[00:04:09] I literally haven’t even thought about it once. Since I set that up crypto, yes, ouch. I think everybody’s had a. Bit of a correction on their crypto portfolios. So don’t worry, we’re all feeling it. My portfolio basically halved and I think some of my tech stocks didn’t go too healthy either, but Hey, as I previously mentioned, my aim was to get somewhere around that 1% crypto portfolio. And that’s really just a part of that core satellite investment strategy. With the bulk of the investments in relatively lower risk, boring funds. And then just having a little bit of a play with a very small amount.
[00:04:43] So look, otherwise everything else is going quite well. I’m doing my best to squeeze out a net with update on the blog for you guys. Before I head off on my road trip all I really need to do is punch it out. Then Chuck the computer in the back seat of the car and off I go. The website [00:05:00] portfolio itself is actually doing really well.
[00:05:03] I’ve managed to tweak up one of my newer portfolio sites and that started to regularly dropping a hundred bucks a month now, which is cool doing that through AdSense and Amazon sales. That’s really cool too. Basically build an online business there and diversify my investments a little bit.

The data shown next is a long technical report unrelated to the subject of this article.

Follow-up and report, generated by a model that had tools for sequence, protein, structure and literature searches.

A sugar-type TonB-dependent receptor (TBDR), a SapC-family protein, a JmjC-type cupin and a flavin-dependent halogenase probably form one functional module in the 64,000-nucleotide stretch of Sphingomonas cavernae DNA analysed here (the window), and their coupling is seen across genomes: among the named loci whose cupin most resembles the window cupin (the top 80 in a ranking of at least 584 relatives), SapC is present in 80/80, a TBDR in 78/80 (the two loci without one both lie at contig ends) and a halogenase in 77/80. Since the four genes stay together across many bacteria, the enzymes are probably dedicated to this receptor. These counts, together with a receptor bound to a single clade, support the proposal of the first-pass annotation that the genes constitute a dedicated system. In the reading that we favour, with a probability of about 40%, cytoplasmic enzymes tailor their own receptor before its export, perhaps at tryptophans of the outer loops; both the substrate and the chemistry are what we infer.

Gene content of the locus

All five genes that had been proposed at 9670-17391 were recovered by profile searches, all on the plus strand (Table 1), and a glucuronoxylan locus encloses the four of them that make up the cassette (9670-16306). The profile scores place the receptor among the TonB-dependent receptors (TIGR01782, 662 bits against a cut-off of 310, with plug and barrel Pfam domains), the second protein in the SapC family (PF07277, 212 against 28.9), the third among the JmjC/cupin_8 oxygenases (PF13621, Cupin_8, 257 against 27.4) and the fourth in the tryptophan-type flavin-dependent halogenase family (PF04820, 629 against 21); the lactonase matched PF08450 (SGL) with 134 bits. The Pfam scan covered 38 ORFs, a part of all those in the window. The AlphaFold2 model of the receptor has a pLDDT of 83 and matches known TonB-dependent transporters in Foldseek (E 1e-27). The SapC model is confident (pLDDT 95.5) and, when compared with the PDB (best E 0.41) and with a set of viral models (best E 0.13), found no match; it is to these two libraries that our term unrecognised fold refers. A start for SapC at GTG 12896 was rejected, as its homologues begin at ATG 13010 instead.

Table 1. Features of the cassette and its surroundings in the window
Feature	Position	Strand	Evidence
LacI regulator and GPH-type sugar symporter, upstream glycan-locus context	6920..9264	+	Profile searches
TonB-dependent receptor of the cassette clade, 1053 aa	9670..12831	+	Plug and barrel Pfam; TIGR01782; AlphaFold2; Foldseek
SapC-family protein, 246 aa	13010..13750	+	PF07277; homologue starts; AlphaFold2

[00:05:19] Talk a bit more about that on the blog as well. And even in terms of, and fire staff actually got a few interesting little developments in the pipeline for you guys soon negotiating with a couple of different companies about potential sponsorship. Don’t worry. It’s nothing too sauce.
[00:05:35] And I’ll let you know. As soon as that comes out
[00:05:37] so I think that’s pretty much. Everything about me basically packing up the apartment and heading home. Oh yeah, of course. What am I going to do when I get home bright? That’s important. Look. So I’m going to be doing a, essentially a part-time engineering job.
[00:05:51] So I didn’t want to fully, leave the workforce because Hey it’s diversified income is important and I didn’t want to just burn [00:06:00] this massive income stream. So I had a good chat with with Vince Scully actually recently at the pub. And yeah, he convinced me that perhaps going out guns, bleeding, blazing, and burning bridges.